Son of Man, René Magritte’s self-portrait with the green apple in front of his face, seems equally appropriate for the First Sunday of Advent and the opening of the United Nations Climate Summit in Paris.
What Magritte meant by hiding his face (except for one eye) with the apple is left to the imagination.
To this viewer the apple’s presence in front of a man of civilized sophistication – bolo hat, buttoned-up dark suit, fitted white shirt, and perfectly knotted red tie – moves imagination in two directions.
The first is often discussed by art critics: the Genesis story of the Fall and the forbidden fruit – the serpent’s whisper that the creatures in the garden could “be like God” by stepping over the one limit imposed on their behavior by a paradisiacal ecosystem.
On this eve of the World Climate Summit, a second interpretation comes to mind – the primacy of nature – the green apple. For all our sophistication, we are nothing without the green planet whose green-ness climate change places at risk.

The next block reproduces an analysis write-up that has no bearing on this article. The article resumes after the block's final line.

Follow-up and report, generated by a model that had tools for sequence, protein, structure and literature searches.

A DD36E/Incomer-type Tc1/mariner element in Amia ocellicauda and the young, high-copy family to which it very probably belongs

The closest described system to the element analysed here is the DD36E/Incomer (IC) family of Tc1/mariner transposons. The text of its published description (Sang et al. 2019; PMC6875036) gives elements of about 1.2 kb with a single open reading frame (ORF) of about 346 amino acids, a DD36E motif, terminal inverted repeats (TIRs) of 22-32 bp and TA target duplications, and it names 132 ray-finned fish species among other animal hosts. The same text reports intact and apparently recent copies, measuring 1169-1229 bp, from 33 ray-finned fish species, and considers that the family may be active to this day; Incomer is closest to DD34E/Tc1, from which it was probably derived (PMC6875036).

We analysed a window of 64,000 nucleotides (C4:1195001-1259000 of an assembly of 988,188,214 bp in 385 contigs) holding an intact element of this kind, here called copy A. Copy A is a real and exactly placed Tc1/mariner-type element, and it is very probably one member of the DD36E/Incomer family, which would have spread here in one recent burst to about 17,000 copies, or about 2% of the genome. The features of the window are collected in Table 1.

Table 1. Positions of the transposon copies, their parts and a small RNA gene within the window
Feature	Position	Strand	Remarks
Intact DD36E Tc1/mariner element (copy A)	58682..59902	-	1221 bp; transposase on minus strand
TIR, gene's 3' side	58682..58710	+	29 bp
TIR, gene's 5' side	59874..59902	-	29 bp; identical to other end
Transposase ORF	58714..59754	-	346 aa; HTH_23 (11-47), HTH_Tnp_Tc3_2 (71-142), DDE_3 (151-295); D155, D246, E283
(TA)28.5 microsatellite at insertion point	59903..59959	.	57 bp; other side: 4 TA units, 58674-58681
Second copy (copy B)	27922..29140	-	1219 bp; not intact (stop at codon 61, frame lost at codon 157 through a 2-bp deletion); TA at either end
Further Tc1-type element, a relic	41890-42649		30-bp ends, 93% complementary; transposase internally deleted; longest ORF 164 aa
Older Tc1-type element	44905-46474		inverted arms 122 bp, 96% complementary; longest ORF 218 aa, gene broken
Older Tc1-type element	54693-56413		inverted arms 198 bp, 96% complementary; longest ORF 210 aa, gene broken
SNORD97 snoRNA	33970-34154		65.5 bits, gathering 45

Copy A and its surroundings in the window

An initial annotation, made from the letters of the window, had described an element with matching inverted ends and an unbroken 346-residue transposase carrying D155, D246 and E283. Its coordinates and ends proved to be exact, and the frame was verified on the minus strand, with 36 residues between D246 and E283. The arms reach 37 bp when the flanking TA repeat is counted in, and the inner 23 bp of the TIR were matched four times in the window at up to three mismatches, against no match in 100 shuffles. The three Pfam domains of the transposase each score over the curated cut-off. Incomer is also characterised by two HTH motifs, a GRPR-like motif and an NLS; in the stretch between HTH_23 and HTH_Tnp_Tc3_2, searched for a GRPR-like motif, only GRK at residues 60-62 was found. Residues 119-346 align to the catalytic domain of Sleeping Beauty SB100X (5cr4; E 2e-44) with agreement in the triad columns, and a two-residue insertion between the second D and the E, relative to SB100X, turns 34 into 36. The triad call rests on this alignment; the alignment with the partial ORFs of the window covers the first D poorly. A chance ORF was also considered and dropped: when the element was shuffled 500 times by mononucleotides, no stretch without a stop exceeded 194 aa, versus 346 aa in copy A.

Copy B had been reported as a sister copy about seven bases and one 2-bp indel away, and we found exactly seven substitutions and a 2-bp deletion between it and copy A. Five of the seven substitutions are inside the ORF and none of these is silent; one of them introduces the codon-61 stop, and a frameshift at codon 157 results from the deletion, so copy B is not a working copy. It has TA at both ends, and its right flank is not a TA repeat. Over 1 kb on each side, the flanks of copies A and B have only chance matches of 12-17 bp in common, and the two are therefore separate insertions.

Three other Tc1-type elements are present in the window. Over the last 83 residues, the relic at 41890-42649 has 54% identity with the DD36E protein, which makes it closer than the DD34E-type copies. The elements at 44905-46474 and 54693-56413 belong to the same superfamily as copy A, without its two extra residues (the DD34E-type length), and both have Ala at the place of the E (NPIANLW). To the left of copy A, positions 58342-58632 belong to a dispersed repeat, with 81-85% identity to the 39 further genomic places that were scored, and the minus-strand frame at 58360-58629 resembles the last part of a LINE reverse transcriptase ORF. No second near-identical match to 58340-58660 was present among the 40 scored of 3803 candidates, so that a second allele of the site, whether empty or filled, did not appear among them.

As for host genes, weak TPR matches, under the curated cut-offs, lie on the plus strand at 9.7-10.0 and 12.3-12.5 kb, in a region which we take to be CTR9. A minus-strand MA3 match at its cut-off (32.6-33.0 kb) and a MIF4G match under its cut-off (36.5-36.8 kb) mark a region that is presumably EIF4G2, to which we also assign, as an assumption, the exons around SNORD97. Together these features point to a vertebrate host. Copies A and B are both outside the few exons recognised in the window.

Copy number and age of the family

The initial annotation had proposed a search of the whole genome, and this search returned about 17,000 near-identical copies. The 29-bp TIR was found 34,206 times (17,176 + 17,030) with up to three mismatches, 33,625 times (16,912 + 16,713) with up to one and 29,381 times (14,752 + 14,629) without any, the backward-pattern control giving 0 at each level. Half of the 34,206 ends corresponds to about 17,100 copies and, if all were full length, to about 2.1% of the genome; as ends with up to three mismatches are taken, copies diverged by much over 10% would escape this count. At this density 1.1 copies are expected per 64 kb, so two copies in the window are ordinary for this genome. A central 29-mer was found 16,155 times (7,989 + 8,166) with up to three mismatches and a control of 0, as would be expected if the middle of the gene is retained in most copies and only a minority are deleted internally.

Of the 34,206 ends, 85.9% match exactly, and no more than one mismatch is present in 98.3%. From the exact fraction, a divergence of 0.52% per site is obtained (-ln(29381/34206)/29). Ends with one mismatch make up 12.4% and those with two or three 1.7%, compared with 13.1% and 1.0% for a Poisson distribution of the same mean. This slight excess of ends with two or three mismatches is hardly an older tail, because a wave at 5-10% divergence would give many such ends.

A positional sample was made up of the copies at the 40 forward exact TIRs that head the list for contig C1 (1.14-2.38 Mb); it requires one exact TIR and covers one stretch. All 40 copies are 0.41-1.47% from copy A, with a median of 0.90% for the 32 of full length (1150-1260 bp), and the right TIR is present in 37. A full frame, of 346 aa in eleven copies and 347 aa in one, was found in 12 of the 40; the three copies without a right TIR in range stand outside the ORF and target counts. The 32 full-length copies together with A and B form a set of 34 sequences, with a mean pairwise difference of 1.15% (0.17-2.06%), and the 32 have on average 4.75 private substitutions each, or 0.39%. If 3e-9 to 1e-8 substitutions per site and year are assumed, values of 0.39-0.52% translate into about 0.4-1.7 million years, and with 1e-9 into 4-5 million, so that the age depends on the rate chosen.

Magritte’s Son of Man opened me to hear today’s assigned Hebrew Scripture from the Revised Common Lectionary with different ears.
The days are surely coming, says the LORD, when I will fulfill the promise I made to the house of Israel and the house of Judah.
In those days and at that time I will cause a righteous Branch to spring up for David; and he shall execute justice and righteousness in the earth. [Jeremiah 33:12-14]
A righteous branch yet may spring up in Paris. If it does, it will be green. One can pray that the Climate Summit representatives arrive in Paris without their bolo hats, starched white shirts, buttoned-up suits, and power ties, ready to concede finally that, despite all appearances to the contrary, all is nothing without green.
- Gordon C. Stewart, Chaska, MN, Nov. 29, 2015